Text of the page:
Imagine you're hanging out with friends, and someone randomly asks, "Would swallowing snake venom kill you?" It sounds like the start of a dare or a myth you'd want to debunk right away. Snake venom is nature's own brew of toxic substances designed for defense and catching dinner. It's filled with proteins and enzymes that can cause serious trouble if they get directly into your blood, affecting everything from your nerves to your circulatory system. But here's where it gets interesting: the method of venom entering your body makes a huge difference. And when it comes to swallowing venom, the story takes an unexpected turn. Swallowing snake venom? It might not be as deadly as you think. Our digestive system is pretty robust, breaking down proteins and peptides, which are the main components of venom. Essentially, if venom ends up in your stomach, your body starts to digest it like any other protein-rich food. However, it's not an open invitation to start a venom-tasting club. The real risk comes if there are any cuts or sores in your mouth or throat that could give venom a fast pass into your bloodstream. That's when the situation could turn dangerous. Venom's power is unleashed when it bypasses the digestive system, entering directly through a bite. This direct route to your bloodstream means venom can quickly get to work, potentially leading to severe, even life-threatening, reactions. Interestingly, the medical world sees snake venom not just as a danger but as a source of potential breakthroughs. Scientists study venom's components to develop treatments for conditions that are currently hard to manage. It's a classic example of how something potentially deadly can be turned into a lifesaver. Back to the original question: swallowing snake venom isn't something to put on your bucket list, but it's unlikely to be lethal due to the protective role of your digestive system. The real concern is venom entering directly into your bloodstream, whether through an existing wound in your mouth or a snake bite.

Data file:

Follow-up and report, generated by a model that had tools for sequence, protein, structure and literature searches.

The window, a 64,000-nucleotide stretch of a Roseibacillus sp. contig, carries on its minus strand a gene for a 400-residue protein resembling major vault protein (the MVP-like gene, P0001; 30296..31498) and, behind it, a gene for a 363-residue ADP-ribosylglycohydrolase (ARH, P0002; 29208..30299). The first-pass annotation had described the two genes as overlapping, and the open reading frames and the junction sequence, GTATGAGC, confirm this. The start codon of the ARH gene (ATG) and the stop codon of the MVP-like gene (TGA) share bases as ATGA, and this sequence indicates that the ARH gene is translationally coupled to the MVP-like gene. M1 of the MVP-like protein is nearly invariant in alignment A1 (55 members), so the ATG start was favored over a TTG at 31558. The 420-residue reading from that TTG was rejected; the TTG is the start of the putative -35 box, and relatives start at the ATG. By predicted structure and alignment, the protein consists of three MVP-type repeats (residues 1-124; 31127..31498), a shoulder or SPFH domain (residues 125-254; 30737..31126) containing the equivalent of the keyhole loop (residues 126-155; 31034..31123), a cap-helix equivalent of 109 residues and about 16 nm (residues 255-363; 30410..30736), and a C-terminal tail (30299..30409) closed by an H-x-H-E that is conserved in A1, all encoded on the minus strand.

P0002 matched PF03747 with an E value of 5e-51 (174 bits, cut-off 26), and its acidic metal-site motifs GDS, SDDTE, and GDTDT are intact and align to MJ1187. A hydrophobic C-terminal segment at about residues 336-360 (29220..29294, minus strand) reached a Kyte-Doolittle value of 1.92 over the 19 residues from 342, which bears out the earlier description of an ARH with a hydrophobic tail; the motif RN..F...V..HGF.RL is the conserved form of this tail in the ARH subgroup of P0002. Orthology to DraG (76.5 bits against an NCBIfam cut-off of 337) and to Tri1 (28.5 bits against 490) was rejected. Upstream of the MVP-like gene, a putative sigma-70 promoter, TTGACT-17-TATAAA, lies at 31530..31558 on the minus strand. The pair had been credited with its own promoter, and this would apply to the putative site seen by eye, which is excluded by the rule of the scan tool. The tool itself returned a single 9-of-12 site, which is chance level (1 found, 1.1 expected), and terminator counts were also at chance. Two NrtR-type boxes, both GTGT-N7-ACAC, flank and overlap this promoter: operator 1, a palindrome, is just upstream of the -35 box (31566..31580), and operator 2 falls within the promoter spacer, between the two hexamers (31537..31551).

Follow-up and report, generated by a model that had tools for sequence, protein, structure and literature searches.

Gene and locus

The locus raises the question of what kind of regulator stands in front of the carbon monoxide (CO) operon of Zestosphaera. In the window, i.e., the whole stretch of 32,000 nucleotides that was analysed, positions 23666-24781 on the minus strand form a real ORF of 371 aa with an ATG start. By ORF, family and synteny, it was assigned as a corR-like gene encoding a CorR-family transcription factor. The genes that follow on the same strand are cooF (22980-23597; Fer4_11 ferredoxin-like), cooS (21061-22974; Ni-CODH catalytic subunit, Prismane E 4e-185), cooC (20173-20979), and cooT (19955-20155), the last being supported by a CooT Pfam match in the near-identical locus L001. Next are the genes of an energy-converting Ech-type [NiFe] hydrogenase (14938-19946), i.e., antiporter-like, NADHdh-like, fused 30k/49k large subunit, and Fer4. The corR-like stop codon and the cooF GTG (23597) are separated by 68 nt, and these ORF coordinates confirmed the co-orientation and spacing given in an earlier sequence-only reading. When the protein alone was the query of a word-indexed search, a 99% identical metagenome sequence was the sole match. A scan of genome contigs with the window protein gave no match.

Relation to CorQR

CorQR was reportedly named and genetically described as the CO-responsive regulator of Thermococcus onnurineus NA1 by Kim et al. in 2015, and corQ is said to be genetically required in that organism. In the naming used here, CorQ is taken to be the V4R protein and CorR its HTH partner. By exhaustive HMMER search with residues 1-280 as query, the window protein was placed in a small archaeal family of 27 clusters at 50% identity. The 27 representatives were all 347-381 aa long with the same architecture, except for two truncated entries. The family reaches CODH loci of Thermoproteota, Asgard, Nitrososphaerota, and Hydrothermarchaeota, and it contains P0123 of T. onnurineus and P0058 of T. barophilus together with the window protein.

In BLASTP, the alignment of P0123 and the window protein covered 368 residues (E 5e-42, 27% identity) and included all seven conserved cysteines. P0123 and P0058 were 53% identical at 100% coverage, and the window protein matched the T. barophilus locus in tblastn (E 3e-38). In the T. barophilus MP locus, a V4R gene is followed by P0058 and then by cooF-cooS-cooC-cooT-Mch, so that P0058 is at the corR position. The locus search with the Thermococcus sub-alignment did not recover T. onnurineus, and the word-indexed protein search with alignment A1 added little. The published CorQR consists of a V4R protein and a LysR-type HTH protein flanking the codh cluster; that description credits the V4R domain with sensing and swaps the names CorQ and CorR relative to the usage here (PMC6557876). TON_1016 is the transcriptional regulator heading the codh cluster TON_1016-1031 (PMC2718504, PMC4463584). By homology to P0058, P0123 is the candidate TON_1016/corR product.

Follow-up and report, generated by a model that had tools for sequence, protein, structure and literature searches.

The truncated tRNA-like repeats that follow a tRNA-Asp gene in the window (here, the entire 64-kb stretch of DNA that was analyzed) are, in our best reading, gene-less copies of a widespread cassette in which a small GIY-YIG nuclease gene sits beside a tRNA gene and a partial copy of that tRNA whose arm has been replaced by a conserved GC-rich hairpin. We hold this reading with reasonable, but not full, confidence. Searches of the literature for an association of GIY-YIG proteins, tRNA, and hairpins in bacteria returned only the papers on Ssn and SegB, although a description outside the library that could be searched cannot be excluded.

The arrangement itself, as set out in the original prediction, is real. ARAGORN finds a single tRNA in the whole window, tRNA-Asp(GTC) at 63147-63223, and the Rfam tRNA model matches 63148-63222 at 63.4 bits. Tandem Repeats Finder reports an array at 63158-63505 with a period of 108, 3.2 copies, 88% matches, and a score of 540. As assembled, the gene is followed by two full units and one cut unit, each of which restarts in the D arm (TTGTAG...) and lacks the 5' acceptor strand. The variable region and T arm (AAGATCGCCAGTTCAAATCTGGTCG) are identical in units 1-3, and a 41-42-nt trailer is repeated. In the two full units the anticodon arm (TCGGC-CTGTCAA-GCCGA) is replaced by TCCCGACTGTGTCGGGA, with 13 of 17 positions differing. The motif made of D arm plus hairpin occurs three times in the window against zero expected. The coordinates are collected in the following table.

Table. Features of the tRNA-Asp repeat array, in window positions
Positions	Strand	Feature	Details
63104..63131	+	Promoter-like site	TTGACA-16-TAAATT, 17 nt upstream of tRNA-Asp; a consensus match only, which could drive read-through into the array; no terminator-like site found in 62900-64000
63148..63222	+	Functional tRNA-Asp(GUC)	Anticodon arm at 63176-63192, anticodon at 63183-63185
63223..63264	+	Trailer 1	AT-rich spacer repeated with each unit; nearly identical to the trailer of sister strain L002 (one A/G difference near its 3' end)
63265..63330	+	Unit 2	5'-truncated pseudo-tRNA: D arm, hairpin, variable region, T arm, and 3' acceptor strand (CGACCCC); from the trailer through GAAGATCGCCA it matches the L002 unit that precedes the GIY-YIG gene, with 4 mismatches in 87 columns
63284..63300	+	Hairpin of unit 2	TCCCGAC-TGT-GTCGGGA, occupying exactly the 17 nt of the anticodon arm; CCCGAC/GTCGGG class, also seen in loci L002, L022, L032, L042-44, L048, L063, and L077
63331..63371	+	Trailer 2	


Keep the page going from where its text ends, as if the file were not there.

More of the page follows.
A New Hope; The Dawn of Computational Pathology